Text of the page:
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< Back to current issue of Immigration Daily < Back to current issue of Immigrant's Weekly

Subject: Illegal Aliens (UNCLASSIFIED)

Classification: UNCLASSIFIED
Caveats: NONE

Mr. Gillison:


I hope you're well. Below is the Army's response to your question concerning the current enlistment practices of the U.S. Army, detailed in Army Regulation 601-210, Regular Army and Army Reserve Enlistment Program, dated May 16, 2005. Please know that I'm not able to respond to hypothetical scenarios--, so this is what I can tell you. In addition, you may attribute the following policy summation to me, LTC Pamela Hart, Army Spokesperson.

The U.S. Army's Policy is to enlist only citizens and legal residents of the United States. However, the law and Army Regulations are flexible enough to permit exceptions to this policy--, particularly during times of military conflict.

Commanders determine the appropriate action to be taken regarding soldiers who enlist erroneously or fraudulently. A commander must evaluate a soldier's service and other criteria in making this determination. Each situation is unique. Army Regulation 635-200, Active Duty Enlisted Separation, dated June 6, 2005, addresses the process for separations based on erroneous or fraudulent enlistment. In any particular case, separation for en erroneous or fraudulent enlistment may be appropriate. In other cases, a commander may determine that a soldier has served so meritoriously that he or she may recommend an exception to the Army's policy to enlist only citizens or legal residents.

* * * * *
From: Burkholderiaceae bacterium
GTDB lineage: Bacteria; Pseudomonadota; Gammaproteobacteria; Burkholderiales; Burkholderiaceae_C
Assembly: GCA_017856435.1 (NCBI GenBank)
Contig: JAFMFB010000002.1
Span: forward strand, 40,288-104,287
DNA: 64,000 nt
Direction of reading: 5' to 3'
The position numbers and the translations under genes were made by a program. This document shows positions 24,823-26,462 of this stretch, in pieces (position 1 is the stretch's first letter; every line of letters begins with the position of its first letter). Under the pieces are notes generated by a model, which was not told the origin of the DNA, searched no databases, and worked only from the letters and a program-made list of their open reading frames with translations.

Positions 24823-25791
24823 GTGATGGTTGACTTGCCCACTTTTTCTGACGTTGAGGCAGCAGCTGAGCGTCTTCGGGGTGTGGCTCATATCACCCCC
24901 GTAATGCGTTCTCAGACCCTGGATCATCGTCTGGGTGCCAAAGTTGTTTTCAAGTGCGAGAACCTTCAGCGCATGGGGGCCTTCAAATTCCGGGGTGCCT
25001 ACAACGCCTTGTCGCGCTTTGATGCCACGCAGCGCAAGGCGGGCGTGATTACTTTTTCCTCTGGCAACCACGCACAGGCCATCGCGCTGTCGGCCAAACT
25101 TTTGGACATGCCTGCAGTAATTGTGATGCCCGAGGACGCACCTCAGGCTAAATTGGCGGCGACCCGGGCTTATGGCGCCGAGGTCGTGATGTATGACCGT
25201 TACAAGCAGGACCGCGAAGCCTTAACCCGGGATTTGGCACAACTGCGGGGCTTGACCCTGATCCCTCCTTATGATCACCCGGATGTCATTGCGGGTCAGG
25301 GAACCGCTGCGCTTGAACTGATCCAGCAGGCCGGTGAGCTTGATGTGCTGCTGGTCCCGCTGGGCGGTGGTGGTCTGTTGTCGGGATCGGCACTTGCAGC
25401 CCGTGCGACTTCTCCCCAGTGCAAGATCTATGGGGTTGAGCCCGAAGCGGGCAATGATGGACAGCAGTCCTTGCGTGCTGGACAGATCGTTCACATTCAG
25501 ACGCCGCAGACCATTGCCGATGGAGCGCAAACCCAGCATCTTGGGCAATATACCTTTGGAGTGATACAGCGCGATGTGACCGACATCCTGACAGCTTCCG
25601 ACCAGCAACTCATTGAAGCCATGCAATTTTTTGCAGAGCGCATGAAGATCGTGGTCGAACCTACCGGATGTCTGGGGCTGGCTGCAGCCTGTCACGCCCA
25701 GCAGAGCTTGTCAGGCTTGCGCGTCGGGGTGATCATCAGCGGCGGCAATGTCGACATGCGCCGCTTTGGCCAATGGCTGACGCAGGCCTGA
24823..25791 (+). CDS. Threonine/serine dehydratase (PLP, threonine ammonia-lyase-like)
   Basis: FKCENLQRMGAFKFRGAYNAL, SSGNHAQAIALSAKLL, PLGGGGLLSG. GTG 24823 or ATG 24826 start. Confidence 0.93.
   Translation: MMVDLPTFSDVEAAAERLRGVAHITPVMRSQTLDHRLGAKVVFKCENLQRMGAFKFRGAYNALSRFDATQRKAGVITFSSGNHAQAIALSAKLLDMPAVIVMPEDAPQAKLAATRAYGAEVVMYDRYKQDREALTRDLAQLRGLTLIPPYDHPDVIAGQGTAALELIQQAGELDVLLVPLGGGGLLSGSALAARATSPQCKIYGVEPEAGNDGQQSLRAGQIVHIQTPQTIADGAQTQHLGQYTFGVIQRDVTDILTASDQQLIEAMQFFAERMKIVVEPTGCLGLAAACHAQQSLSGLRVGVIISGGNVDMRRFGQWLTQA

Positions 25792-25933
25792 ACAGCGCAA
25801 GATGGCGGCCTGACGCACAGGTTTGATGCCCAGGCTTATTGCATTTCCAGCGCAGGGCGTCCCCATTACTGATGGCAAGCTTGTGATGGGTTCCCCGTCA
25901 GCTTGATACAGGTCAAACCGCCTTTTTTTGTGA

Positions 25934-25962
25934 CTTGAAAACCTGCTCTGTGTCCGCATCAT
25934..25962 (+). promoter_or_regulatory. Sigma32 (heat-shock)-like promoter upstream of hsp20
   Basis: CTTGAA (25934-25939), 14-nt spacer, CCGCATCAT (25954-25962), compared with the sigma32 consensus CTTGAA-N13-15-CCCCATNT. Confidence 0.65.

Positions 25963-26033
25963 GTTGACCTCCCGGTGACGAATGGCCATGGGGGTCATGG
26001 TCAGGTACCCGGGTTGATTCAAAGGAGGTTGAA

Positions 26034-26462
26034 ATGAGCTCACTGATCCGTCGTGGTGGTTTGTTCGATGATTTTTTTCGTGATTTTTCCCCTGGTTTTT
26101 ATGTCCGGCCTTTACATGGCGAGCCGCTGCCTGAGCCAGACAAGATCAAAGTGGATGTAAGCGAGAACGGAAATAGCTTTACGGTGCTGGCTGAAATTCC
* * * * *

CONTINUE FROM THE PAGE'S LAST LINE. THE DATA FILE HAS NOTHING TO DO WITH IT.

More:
The President's Expedited Naturalization Executive Order, dated July 3, 2002, offers soldiers who are not U.S. citizens and who serve this country in places such as Iraq, Kuwait, Afghanistan, Korea, and Kosovo, the opportunity to apply for expedited processing of their application for United States citizenship under the provisions of Title 8, United States Code, Section 1440. This section of the law permits "expedited processing " whether or not [a soldier] has been lawfully admitted to the United States for permanent residence. This same provision of law also allowed expedited processing for non-U.S. citizen service members who served during World War I, World War II, the Korean War, and the Vietnam War. Especially during times of military conflict, the privilege to serve in the Armed Forces is not and has not historically been limited to citizens.

Please call me if I can help you further.

Best, Pamela

LTC Pamela L. Hart
Chief, Personnel and Human Resources Team
Media Relations Division, Army Public Affairs
1500 Army Pentagon, Room 1E475
Washington, DC 20310-1500

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